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About Sunday’s Music – Exaudi-Sunday after Ascension

Our help is ever, Lord, in Thee, Who madest earth and heaven!   Martin Luther (1483-1546) knew the Psalms by heart from his time in the monastery.  He wrote hymns to confess and teach the faith and spread the newly-rediscovered Gospel in the Reformation.  He used the Psalms as the basis and inspiration for some of his hymns.  Luther’s theological writings also show his familiarity with the Psalms.

Luther envisioned a plan to write a hymn for each of the 150 Psalms.  He encouraged other pastors to follow his example and write hymns on the Psalms.  None of them followed his request.  However, Luther did write paraphrases of six Psalms:

  • 12 “O Lord, Look Down from Heaven, Behold” (The Lutheran Hymnal 260)
  • 14 “Although the Fools Say with Their Mouth”
  • 46 “A Mighty Fortress is Our God” (656)
  • 67 “May God Bestow on Us His Grace” (823)
  • 124 “I God Had Not Been on Our Side” (The Lutheran Hymnal 267)
  • 130 “From Depths of Woe I Cry to Thee” (607)

The HYMN OF THE DAY is Luther’s paraphrase of Psalm 124.  It was written in 1524.  The tune is by Luther’s kantor, Johann Walter (1496-1570).

Had Christ, who once was slain, Not burst His three-day prison, Our Faith had been in vain: But now has Christ arisen!   “This Joyful Eastertide” (482) was written by George Woodward (1848-1934), a priest in the Church of England.  He served in London, Norfolk, and Suffolk.  It was published in a collection Carols for Easter and Ascension in 1894.  The tune is a Dutch melody from the seventeenth century first used for setting the Psalms to music in David’s Psalmen in 1685.

   The PRELUDE is based on this hymn by Jan Bender (1909-1994), a composition student of Hugo Distler (1908-1942).  Born in the Netherlands, Bender served as organist and kantor in German churches in Lübeck, Aurich, Ostfriesland, and Lüneberg from 1934 to 1960.  He concluded his career as professor at Concordia University—Seward, Nebraska (1960-1965) and Wittenberg University—Springfield, Ohio (1965-1976).

In festal spirit, song, and word, To Jesus, our victorious Lord, All praise and thanks be rendered.  “Lo! Judah’s Lion Wins the Strife,” today’s ENTRANCE HYMN, is part of a larger Easter composition from Bohemia around 1660.  The tune is also Bohemian.  Bohemia is a region that roughly corresponds to modern Czech Republic.  This triumphant tune and text recalls Christ’s fulfillment of Old Testament accounts (Judah’s Lion) and figures (Samson and David).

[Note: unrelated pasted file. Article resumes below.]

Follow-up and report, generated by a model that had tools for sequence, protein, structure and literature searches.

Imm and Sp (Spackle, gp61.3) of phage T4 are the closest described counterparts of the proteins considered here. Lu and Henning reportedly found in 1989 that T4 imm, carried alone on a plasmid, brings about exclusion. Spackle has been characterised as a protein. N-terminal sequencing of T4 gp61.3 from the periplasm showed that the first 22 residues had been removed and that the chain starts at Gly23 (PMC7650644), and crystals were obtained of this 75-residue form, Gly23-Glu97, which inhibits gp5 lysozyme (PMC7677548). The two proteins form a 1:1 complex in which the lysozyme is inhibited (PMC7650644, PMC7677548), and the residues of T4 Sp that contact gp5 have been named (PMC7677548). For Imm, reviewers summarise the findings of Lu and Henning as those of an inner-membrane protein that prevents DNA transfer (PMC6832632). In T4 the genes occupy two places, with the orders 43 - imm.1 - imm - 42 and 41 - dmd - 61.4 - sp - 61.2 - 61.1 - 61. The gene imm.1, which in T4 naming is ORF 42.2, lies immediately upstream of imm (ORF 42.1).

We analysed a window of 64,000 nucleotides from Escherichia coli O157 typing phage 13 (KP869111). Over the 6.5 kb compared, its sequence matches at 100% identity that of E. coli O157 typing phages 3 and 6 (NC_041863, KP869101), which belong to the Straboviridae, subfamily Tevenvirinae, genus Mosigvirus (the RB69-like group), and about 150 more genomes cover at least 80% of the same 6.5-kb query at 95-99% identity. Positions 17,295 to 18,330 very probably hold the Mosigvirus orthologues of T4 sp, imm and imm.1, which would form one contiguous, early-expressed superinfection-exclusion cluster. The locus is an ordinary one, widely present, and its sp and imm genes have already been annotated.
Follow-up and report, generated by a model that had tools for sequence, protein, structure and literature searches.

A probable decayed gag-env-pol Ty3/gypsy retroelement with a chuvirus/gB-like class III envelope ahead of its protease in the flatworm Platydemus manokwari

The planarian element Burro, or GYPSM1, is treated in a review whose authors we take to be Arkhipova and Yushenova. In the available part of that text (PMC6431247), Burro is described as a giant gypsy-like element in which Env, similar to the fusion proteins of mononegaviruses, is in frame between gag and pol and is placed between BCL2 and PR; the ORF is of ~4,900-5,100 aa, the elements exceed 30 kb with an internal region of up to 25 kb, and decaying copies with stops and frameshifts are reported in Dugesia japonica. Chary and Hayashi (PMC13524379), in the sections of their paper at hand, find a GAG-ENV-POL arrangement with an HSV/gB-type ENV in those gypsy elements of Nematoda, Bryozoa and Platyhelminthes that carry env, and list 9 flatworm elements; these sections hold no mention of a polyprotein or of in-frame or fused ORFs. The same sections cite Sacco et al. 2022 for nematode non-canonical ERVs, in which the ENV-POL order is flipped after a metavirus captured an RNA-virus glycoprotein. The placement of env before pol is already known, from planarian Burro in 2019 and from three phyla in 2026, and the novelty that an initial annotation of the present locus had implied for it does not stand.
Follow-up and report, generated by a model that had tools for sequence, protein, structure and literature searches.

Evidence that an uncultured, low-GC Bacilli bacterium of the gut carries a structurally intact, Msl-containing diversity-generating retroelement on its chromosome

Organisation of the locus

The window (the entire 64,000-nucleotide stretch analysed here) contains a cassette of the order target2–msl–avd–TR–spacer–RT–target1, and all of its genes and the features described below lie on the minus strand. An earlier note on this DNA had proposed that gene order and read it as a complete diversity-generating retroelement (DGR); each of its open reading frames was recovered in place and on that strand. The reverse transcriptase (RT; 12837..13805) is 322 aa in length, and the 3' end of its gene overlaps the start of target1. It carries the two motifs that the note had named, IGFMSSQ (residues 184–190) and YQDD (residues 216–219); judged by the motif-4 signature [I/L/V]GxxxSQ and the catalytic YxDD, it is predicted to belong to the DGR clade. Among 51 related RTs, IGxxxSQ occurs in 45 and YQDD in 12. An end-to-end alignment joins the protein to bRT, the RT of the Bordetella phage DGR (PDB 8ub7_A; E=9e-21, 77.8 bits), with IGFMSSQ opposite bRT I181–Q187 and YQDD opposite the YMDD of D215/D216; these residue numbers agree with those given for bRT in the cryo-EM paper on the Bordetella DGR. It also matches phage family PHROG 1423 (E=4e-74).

“Judah’s Lion” recalls Jacob’s blessing of Judah, calling him a lion’s cub (Genesis 49.9).  The lion signifies might and bravery, fulfilled in David, and ultimately in Christ, the Messiah.  The Lord describes his might and bravery as a lion in Hosea 5.14, when the rebellious nations of Israel and Judah rightly feared Assyria’s might, they overlooked the Lord—the real power they should have feared.  The Lord is the lion who leads, gathers, and defends Israel (Hosea 11.10).  In Revelation, Christ—while depicted as a Lamb—is described as “the Lion of the tribe of Judah, the Root of David, has prevailed to open the scroll and loose its seven seals” (5.5).

Jesus is “Judah’s Lion” who has defeated Satan to win the strife over sin and death.  He reigns over death to give us life.  Oh, let us sing His praises!

The lessons are Ezekiel 36.22–28; 1 Peter 4.7–14; and St. John 15.26—16.4.
The hymns are: TLH 211 Lo, Judah’s Lion Wins the Strife
TLH 267 If God Had Not Been on Our Side
482 This Joyful Eastertide
622 Lord Jesus Christ, You Have Prepared
494 See, the Lord Ascends in Triumph
492 On Christ’s Ascension I Now Build
Prelude: This Joyful Eastertide -Jan Bender
Choral Voluntary: That Easter Day with Joy was Bright -Carl Schalk

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